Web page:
Huskers helping huskers resolve college hunger
Produced by Marjani Knighten, NewsNetNebraska
Do you have enough food?
College students might tend to say, “I am a broke college student” or “I can’t go shopping because I am broke.” College can be considered a luxury for some. But others find days where it is hard to get three, or even five meals a day.
Megan Scherling, the program coordinator for Huskers Helping Huskers Pantry+ at the University of Nebraska-Lincoln, surveyed a number students on campus on whether they have low or high food security. She found around one in three students go through some form of food insecurity.
Food insecurity is the inability to access numerous amounts of affordable, healthy food. The Hunger on Campus report says this is common at colleges and universities across the country, with the possibility of hurting their education for a handful of students.
Instead of continually eating fruits and vegetables every day, students might have to choose between paying bills or buying groceries, between textbooks and meal plans, or between toothpaste and breakfast.
Lexey Kneib, a UNL sophomore, had moments when she struggled to manage her money and her ability to have meals throughout the day.
“I have a problem with buying what I want and not that I need,” said Kneib. “So when I do that then I find myself like waking up and not having anything to eat for breakfast.”
Being her first year out of the dorms Kneib sometimes found herself working on a budget plan with her parents, but sometimes isn’t able to stick with it.
But college student hunger isn’t a new issue, but until recent years food access at colleges and universities has not received much national attention. Some people don’t see food insecurity among college students as a stigma like poverty, homelessness and other food assistance programs.
“I don’t know who doesn’t have food coming in or the resources for food,” said Ashley Willis, a junior at UNL and who volunteers at Huskers Helping Huskers Pantry.
The need for education
“We know from children growing up that if you don’t get enough food, you aren’t learning properly,” said Ian Newman.
Ian Newman is a retired professor at UNL. He worked in the educational psychology and focused mainly on health problems that interfere learning and school attendance.
According to a 2016 survey conducted by the National Student Campaign Against Hunger and Homelessness, out of the 3,765 respondents from four different universities, 80 percent said that their food insecurity affected their class performance. Also, more than 55 percent said this problem affected their ability to attend classes.
On the hand, Newman thinks because people don’t have a set educational foundation on this issue, it makes it difficult for people to see that it is an issue.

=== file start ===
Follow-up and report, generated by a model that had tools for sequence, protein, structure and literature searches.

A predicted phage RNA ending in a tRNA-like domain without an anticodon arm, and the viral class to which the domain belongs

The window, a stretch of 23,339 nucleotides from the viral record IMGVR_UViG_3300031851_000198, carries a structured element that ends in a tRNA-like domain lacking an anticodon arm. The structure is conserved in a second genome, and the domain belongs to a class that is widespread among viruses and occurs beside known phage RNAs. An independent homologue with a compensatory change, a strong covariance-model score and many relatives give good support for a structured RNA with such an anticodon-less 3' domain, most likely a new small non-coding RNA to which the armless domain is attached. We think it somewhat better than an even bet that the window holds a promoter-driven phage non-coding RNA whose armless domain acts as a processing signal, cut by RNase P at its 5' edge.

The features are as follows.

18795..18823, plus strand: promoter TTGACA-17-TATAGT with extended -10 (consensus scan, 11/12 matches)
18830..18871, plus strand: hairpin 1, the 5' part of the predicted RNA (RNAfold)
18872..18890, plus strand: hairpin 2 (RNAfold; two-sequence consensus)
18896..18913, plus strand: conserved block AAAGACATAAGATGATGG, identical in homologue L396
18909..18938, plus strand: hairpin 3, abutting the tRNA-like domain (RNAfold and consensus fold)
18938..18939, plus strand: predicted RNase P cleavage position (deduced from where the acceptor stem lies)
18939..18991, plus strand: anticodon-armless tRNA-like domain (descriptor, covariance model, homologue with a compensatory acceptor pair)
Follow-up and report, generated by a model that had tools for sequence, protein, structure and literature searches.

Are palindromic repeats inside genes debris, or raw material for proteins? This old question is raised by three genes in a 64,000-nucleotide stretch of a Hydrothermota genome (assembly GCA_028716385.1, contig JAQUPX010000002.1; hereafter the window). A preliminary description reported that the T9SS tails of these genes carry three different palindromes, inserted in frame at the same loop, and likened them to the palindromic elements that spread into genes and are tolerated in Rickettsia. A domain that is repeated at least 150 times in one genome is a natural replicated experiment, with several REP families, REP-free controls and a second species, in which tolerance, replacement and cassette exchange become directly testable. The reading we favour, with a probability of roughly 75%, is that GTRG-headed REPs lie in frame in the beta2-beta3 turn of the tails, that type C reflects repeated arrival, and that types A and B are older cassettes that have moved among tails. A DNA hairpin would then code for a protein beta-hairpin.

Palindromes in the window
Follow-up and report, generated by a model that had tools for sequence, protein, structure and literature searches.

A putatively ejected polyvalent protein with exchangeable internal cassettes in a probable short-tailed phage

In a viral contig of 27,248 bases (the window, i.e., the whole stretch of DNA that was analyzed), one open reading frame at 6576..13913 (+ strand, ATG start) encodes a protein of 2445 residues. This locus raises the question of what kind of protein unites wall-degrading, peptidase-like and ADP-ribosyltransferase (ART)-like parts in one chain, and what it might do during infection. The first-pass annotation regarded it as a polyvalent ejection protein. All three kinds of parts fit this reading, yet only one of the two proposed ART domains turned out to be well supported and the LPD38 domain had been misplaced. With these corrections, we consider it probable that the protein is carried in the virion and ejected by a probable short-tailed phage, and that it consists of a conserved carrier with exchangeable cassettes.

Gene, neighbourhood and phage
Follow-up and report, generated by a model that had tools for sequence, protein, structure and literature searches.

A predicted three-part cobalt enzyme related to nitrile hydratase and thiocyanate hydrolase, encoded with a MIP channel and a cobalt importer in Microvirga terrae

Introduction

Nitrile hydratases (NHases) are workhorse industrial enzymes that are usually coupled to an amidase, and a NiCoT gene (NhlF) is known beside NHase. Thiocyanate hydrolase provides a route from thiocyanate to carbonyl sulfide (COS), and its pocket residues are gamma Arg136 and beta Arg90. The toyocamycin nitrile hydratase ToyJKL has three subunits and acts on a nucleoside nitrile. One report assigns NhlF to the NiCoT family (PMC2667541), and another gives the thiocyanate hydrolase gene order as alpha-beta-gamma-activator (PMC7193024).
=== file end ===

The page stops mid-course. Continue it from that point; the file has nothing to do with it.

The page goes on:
“I think part of that might be a function of education. We don’t learn much about how to plan. We don’t learn much about the economics of food. Anywhere in our educational system,” said Newman.
In past and upcoming years, first-generation students are getting more opportunity to attend four-year and two-year colleges.
The National Center for Education Statistics found that between 2004 and 2014 there a 17 percent increase in first-generation college students, from 17.3 million to 20.2 million.
“People are trying to get an education when their basic needs can’t be met, and so there is kind of a disconnect,” said Ashley Willis, a volunteer at Huskers Helping Huskers Pantry.
The growth on change
Over time more college campuses are now offering food pantries.
In 2008, The College and University Food Bank Alliance found there were only nine food pantries. As of 2015, there are now 184 and more pantries helping college students across campuses.
The University of Nebraska-Lincoln already has one food pantry at the UNL Lutheran Center.
Cody McCain, a UNL junior and the coordinator of the Lutheran Center, Open Shelf, said around 200 students visit the pantry every school year.
“From the survey, we kind of realized that was the tip of the iceberg,” said McCain.
But even though 30 percent may not seem like a significant number, it is still a troubling number, said Megan Scherling.
So in January of 2015, the university opened Huskers Helping Huskers Pantry+ in the union on city campus. This pantry has over 20 volunteers working to give students on campus the resources they need on a daily basis.
Ever since then, numerous donations have been flowing into the pantry, including baby and school supplies, and hygiene products.
The food pantry works to keep students anonymous because of the stigma related to food insecurity in the eyes of other students.
“It’s hard for (students) to understand that they can come in,” Scherling said, “You don’t have to be homeless to go to a food pantry.”
Students are also introduced to other resources, such as the university’s career center, University Housing and the money management office on the second floor of UNL’s union.
“We just wanted to make sure we weren’t saying okay, we gave you a can of food, so you’re good now. We know that it’s deeper than that,” said Scherling.
“Be aware of how, for myself, how blessed I am and know that I have the resources to help other people,” said Willis.